web site hit counter The Innovation Delusion: How Our Obsession with the New Has Disrupted the Work That Matters Most - Ebooks PDF Online
Hot Best Seller

The Innovation Delusion: How Our Obsession with the New Has Disrupted the Work That Matters Most

Availability: Ready to download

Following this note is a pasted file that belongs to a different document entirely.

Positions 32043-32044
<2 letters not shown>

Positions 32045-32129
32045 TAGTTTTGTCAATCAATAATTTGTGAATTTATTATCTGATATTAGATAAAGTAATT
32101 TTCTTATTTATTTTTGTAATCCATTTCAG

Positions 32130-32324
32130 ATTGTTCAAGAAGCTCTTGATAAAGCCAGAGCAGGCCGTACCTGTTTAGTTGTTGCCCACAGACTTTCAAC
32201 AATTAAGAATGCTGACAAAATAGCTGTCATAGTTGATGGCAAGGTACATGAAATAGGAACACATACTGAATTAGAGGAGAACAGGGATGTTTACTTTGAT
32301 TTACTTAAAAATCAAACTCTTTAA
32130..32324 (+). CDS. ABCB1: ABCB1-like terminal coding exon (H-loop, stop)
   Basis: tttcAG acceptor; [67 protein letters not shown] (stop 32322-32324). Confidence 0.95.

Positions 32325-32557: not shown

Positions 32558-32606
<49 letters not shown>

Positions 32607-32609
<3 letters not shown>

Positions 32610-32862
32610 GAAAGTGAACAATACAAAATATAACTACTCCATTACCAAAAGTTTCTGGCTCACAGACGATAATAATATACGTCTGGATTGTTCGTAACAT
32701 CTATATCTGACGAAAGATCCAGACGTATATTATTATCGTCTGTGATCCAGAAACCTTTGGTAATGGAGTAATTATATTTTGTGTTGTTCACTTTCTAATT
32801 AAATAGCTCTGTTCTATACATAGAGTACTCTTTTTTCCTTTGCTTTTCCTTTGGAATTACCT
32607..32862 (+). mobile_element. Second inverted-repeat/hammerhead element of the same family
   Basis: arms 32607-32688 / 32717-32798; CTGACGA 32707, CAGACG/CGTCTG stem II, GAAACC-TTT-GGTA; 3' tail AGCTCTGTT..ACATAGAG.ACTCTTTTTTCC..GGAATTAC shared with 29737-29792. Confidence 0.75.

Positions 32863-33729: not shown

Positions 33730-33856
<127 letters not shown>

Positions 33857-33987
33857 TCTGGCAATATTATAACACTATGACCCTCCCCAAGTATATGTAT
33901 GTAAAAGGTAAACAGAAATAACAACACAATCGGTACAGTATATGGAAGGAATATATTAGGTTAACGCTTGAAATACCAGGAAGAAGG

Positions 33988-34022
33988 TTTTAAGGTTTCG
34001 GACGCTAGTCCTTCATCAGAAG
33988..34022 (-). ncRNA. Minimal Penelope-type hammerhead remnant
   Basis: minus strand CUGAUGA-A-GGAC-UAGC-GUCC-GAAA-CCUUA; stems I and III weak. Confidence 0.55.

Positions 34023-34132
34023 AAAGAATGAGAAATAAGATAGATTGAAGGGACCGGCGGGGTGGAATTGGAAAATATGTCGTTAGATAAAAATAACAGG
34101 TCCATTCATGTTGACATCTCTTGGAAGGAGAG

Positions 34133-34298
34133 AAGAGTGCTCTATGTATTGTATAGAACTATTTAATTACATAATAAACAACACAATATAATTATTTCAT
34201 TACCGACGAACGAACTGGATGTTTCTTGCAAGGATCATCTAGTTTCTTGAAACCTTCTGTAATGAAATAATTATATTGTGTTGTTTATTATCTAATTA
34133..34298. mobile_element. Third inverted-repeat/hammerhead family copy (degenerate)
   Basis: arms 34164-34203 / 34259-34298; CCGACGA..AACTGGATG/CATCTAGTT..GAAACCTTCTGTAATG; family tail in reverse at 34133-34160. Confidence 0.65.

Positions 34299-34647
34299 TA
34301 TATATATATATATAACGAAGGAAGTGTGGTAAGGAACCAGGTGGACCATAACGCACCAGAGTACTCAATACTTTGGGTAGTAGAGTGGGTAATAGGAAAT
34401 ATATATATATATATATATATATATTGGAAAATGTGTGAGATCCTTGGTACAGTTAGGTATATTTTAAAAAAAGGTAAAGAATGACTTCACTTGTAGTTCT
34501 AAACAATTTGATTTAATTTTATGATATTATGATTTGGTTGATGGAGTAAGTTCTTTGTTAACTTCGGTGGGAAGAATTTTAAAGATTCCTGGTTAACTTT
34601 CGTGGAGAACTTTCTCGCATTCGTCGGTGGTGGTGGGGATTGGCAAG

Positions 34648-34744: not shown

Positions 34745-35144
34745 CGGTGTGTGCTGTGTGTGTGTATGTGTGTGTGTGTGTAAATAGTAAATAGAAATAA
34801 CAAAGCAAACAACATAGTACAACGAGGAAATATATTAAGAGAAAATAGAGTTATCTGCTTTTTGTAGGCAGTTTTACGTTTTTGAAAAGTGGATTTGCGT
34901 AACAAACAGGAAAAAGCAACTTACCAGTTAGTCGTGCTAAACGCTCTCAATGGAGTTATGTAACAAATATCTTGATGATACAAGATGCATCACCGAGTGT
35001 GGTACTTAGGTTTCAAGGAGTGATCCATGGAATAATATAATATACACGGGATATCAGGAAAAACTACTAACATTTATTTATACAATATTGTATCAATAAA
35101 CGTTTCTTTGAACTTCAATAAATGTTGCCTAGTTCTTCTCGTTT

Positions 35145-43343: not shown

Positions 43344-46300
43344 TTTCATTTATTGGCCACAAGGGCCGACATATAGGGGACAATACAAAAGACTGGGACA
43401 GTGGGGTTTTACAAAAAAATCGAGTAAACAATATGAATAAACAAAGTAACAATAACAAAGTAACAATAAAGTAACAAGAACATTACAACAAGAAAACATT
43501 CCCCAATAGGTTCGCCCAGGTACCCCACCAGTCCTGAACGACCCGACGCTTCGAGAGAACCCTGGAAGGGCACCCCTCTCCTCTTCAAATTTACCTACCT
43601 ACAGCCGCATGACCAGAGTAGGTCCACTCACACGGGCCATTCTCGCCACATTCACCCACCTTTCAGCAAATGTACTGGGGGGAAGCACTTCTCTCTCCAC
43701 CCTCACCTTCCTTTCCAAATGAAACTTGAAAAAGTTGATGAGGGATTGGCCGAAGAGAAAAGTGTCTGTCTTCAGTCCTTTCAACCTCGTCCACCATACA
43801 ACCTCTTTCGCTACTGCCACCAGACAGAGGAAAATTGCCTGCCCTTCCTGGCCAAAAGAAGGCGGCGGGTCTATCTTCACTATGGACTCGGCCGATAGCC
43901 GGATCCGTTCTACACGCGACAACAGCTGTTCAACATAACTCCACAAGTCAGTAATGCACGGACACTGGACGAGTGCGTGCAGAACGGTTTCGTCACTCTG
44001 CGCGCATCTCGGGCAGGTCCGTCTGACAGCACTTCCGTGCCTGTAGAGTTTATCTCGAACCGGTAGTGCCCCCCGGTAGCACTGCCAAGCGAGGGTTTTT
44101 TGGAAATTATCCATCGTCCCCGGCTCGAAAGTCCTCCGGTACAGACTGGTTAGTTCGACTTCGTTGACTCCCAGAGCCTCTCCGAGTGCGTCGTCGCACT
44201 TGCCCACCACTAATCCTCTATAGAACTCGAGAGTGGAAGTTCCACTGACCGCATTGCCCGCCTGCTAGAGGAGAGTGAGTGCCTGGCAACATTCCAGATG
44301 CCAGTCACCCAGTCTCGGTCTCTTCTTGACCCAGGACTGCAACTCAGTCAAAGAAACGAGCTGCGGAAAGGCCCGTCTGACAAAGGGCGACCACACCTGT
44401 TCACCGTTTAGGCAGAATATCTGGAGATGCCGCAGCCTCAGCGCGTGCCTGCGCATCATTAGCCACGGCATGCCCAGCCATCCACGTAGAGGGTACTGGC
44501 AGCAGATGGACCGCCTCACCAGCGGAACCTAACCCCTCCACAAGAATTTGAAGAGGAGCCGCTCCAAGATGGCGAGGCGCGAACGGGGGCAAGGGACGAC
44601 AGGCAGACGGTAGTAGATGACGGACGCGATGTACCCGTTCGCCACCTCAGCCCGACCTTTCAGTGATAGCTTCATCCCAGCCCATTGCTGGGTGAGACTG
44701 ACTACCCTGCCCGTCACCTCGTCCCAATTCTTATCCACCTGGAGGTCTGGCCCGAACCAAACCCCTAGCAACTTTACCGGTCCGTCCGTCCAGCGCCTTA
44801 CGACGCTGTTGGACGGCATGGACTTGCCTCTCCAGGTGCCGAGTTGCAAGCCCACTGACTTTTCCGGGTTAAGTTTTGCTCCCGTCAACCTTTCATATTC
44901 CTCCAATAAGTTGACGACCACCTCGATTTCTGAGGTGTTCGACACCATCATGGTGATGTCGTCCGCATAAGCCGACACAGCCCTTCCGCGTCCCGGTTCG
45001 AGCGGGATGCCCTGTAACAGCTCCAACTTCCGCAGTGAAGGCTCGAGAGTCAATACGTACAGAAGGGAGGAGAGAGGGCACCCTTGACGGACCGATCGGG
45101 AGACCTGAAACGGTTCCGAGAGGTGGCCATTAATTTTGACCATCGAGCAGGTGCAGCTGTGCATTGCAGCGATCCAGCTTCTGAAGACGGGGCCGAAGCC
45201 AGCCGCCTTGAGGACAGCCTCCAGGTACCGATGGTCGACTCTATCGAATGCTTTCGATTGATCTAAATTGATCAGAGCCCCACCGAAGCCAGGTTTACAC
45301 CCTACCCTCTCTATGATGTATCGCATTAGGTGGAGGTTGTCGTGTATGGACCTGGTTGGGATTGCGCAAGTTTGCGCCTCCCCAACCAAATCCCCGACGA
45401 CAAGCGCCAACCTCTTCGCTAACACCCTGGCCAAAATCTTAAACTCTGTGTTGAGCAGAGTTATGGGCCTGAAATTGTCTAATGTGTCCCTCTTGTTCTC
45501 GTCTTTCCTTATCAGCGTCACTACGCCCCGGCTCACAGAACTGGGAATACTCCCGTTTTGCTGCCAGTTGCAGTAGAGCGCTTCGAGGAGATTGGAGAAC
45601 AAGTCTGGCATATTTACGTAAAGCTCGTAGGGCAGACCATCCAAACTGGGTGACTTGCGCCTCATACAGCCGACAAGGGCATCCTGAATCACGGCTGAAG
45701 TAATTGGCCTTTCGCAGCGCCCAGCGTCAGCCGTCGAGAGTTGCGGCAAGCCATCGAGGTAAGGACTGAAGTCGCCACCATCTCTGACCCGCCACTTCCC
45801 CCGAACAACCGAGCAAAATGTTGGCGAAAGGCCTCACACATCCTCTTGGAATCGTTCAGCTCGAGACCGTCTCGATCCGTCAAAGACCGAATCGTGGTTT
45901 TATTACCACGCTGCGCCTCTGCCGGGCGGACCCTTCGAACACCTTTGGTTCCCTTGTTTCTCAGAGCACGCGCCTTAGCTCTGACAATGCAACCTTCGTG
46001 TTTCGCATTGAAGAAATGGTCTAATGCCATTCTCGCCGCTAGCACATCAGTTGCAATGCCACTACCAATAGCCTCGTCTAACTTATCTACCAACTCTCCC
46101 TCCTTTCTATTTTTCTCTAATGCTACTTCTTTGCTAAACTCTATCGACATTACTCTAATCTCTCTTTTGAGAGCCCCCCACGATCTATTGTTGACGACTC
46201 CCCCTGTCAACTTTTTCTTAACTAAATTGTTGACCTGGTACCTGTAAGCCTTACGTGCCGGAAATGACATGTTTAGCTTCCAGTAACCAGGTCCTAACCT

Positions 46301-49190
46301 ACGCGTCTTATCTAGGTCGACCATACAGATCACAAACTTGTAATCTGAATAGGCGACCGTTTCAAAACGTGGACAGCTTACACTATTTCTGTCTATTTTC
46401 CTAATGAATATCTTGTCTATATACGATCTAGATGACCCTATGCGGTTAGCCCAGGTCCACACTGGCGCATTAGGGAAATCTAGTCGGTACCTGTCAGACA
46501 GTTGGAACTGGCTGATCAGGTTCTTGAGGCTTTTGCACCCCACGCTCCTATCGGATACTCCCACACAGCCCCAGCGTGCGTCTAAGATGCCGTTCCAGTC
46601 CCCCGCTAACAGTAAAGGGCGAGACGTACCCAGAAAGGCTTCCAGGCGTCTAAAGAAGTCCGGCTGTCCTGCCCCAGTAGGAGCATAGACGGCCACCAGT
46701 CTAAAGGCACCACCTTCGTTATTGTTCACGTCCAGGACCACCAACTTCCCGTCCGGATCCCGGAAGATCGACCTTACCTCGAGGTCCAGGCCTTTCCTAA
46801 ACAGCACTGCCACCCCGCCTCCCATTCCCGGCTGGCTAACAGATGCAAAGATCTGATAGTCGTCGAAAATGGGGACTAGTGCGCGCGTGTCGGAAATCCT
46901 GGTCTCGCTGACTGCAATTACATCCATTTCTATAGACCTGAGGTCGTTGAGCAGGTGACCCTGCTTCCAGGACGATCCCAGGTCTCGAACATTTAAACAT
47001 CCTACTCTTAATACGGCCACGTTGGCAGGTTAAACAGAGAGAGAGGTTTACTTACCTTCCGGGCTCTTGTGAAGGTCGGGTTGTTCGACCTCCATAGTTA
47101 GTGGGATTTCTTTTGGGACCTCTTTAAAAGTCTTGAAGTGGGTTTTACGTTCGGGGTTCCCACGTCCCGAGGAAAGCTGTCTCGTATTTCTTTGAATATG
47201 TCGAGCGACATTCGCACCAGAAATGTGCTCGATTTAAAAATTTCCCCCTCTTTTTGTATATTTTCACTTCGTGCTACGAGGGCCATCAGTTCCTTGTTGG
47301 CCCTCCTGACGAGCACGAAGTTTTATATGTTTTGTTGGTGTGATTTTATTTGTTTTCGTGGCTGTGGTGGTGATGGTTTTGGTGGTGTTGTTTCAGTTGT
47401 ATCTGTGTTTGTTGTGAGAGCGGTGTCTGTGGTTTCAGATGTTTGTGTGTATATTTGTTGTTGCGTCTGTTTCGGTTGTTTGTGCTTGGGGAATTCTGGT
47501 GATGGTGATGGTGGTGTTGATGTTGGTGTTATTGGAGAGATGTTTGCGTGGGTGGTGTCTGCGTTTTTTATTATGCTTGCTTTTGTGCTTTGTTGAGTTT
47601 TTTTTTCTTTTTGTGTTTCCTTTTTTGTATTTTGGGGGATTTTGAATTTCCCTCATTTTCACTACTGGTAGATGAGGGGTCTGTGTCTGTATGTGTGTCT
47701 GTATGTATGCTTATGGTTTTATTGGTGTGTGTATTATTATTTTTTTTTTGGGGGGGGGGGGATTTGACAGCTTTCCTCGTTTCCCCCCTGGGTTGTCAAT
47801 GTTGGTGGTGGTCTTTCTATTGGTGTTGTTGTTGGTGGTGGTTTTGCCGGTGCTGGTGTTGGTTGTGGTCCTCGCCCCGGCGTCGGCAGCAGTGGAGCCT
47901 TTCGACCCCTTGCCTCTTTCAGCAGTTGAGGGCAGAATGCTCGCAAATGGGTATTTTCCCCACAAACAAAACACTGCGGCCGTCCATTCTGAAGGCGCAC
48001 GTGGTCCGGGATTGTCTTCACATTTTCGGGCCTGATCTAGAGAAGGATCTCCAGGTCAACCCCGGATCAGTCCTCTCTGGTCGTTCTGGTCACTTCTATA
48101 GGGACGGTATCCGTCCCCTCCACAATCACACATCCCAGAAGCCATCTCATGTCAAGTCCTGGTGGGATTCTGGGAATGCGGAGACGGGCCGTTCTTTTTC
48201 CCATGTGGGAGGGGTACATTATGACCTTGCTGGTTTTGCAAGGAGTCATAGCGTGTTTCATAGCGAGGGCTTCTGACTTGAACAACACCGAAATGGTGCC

Innovation is the hottest buzzword in business. But what if its benefits has been exaggerated, and our obsession with finding the next big thing has distracted us from the work that matters most? It's hard to avoid innovation these days. Nearly every product gets marketed as being disruptive, whether it's a genuine new invention or just a new toothbrush. But in this manifes Innovation is the hottest buzzword in business. But what if its benefits has been exaggerated, and our obsession with finding the next big thing has distracted us from the work that matters most? It's hard to avoid innovation these days. Nearly every product gets marketed as being disruptive, whether it's a genuine new invention or just a new toothbrush. But in this manifesto on the state of American work, historians of technology Lee Vinsel and Andrew Russell argue that our way of thinking about and pursuing innovation has made us poorer, less safe, and - ironically - less innovative. Drawing on years of original research and reporting, Vinsel and Russell show how the ideology of change for its own sake has proved a disaster in the wrong hands. Corporations have spent millions hiring chief innovation officers while their core businesses tanked. Computer science programs have drilled their students on programming and design, even though the overwhelming majority of jobs are in IT and maintenance. In countless cities, suburban sprawl has left local governments with loads of deferred maintenance that they can't afford to fix. And sometimes, innovation even kills - like in 2018, when a Miami bridge hailed for its innovative design collapsed onto a highway and killed six people. In this provocative, deeply researched book, Vinsel and Russell tell the story of how we devalued the work that underpins modern life - and, in doing so, wrecked our economy and public infrastructure while lining the pockets of consultants who combine the ego of Silicon Valley with the worst of Wall Street's greed. The authors offer a compelling plan for how we can shift our focus away from the pursuit of growth at all costs, and back toward neglected activities like maintenance, care, and upkeep. For anyone concerned by the crumbling state of our roads and bridges or the direction our economy is headed, 'THE INNOVATION DELUSION' is a deeply necessary reevaluation of a trend we can still disrupt. RUNNING TIME ⇒ 11hrs. ©2020 Lee Vinsel and Andrew L. Russell (P)2020 Random House Audio